"We have been through the project for so long that's it's anti-climatic," Lindahl said. "For the students and faculty, it's a big event. For us (on the planning committee), it's an evolution."
The new facilities will not only serve current students but hopefully attract new students, Lindahl said.
"We have classes of students who have lived and worked in the old building," he said. "After they have worked and studied in this new facility, they will go home and tell potential students, ?You should be in the new medical school building.'"
The new east wing represents the first phase of the new building totaling 157,000 square feet. The west wing and atrium are scheduled for March 2008 completion in conjunction with the Medical School's 2007-08 centennial.
The new building consists of two three-story wings and a basement connected by a three-story atrium. The east side provides 83,170 square feet for graduate education and research. The west side for medical education will cover 73,830 square feet.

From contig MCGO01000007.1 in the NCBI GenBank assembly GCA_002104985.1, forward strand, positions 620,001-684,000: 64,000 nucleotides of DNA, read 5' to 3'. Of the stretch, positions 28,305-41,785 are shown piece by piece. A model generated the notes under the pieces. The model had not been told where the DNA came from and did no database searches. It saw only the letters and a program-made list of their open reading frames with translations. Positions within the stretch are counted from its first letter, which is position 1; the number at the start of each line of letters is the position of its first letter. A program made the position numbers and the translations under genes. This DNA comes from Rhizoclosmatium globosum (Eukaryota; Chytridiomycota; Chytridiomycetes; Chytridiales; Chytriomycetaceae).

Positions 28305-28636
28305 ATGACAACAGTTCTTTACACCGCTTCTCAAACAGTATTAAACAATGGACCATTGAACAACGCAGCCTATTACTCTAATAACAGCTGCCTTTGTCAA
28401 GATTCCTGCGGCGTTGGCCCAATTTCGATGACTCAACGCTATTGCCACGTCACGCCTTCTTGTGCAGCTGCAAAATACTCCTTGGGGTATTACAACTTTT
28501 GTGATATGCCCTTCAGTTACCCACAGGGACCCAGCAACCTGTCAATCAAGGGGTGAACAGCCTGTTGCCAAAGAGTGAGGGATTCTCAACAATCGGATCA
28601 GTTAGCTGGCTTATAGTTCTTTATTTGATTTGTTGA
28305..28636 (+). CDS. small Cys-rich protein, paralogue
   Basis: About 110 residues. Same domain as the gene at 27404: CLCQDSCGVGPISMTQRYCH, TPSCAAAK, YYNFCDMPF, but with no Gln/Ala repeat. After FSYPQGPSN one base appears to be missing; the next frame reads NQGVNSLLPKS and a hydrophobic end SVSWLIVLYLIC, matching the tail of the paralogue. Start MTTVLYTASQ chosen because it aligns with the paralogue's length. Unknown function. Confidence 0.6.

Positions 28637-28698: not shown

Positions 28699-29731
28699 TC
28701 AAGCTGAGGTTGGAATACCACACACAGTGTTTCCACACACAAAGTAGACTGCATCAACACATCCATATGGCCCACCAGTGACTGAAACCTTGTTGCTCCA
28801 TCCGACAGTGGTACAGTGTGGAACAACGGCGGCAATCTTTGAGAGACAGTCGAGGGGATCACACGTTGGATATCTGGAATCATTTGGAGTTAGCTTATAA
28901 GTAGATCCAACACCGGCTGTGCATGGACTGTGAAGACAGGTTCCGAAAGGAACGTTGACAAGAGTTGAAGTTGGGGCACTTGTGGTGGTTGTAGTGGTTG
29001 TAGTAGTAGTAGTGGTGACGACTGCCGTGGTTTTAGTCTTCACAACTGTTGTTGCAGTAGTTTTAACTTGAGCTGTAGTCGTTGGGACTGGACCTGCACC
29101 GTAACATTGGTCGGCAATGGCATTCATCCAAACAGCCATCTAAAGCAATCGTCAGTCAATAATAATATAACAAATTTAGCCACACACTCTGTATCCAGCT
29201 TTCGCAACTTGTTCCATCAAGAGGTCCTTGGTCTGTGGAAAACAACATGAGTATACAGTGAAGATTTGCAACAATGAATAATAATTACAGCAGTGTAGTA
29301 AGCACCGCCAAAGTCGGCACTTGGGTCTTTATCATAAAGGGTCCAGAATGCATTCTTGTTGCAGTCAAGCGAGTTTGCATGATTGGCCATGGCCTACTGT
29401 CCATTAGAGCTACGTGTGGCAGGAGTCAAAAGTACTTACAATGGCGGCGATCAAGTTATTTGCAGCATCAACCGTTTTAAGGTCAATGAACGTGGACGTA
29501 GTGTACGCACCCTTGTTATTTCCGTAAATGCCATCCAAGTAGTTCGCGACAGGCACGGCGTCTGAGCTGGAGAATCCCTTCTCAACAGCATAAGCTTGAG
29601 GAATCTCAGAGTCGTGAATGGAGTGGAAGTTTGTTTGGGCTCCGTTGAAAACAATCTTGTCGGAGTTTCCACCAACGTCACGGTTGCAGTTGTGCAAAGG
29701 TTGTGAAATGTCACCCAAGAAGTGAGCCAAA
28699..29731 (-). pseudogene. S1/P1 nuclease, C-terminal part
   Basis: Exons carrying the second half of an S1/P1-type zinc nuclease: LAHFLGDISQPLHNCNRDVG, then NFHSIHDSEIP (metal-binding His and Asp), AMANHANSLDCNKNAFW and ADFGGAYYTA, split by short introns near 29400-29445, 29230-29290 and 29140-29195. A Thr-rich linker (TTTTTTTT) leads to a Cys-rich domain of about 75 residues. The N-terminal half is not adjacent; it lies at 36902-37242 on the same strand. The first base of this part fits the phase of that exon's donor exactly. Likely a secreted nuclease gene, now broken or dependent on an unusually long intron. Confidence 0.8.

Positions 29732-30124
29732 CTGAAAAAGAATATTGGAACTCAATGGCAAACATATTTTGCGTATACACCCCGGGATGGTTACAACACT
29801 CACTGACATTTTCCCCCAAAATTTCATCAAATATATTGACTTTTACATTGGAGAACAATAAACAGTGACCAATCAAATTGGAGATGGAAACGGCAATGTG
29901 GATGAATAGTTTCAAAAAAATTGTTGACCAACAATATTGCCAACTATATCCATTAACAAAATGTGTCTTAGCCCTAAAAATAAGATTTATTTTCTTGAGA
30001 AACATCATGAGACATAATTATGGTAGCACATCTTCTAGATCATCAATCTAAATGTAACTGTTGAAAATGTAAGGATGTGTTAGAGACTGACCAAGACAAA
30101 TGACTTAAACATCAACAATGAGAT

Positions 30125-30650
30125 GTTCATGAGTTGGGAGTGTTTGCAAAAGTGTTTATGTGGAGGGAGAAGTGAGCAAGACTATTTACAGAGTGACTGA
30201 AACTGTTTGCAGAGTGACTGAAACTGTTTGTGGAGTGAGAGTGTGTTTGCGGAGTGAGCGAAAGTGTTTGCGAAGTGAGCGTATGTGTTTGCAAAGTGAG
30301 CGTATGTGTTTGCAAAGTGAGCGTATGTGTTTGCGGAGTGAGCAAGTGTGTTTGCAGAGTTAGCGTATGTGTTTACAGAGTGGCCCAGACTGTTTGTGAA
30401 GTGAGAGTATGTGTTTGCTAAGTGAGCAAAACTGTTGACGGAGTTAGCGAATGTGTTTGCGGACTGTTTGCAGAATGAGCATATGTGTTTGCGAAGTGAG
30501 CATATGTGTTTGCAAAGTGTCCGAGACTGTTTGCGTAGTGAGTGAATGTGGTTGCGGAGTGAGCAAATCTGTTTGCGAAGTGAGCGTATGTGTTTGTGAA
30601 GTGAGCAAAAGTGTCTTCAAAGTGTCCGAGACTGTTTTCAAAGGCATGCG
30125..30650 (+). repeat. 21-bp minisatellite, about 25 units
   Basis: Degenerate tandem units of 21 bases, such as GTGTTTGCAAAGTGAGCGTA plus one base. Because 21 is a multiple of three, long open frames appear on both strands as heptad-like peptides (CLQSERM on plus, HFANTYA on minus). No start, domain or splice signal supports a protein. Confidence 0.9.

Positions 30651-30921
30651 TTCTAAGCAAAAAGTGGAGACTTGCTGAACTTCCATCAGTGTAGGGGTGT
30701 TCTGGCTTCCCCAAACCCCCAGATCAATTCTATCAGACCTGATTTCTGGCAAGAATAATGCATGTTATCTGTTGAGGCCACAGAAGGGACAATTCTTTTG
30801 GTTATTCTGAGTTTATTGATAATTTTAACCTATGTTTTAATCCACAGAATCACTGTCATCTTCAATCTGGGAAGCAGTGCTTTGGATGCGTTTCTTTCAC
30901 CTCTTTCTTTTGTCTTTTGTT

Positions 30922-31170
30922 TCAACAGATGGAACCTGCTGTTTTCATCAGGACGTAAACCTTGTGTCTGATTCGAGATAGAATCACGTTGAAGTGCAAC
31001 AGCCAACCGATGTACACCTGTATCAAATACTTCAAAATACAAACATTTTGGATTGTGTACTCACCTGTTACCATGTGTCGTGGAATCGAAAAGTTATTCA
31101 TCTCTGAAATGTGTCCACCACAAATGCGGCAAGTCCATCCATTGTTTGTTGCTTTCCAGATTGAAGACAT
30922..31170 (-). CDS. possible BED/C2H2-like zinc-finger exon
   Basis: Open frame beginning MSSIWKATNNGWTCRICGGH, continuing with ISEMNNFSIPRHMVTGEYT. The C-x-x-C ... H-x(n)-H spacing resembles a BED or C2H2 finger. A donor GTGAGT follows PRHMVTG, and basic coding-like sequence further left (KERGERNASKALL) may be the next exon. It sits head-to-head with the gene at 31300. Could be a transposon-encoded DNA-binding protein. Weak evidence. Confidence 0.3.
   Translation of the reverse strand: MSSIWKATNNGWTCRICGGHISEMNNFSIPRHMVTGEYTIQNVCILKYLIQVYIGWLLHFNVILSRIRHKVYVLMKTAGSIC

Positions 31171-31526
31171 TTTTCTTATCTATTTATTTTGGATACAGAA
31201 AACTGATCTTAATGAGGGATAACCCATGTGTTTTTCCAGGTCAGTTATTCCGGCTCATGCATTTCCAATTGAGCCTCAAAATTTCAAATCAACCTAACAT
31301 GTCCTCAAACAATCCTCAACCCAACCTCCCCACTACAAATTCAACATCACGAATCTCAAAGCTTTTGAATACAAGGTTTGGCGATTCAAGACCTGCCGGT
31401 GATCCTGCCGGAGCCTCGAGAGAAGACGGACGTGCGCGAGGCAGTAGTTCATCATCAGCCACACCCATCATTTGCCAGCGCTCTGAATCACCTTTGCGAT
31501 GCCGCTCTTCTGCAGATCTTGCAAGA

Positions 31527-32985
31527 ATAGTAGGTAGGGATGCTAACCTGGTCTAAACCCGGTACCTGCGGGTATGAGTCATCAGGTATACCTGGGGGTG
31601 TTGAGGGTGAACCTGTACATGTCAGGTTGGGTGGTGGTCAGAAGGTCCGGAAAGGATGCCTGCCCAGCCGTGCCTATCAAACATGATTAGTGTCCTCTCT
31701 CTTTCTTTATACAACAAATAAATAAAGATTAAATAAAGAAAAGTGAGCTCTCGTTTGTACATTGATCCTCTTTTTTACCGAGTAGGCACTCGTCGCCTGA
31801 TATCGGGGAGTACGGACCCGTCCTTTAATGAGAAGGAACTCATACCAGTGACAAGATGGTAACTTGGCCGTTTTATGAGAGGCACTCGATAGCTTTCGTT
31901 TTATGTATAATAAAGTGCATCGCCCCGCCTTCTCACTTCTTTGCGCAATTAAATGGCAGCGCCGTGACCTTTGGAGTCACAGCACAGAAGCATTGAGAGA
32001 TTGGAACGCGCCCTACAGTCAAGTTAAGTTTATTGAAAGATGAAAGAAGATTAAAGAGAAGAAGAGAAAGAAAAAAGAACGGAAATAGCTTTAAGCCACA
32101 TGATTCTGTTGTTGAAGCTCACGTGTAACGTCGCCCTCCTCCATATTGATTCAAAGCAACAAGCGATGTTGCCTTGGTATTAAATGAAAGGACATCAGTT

"The 30-foot atrium will hold 300 people. This would be the second largest auditorium on campus, behind Slagle," Miskimins said. "The atrium will provide the needed space for receptions and other events. We are planning on it for the centennial."
The new facility will replace the current building of 102,000 square feet and another 20,000 square feet elsewhere in Vermillion, according to USD officials.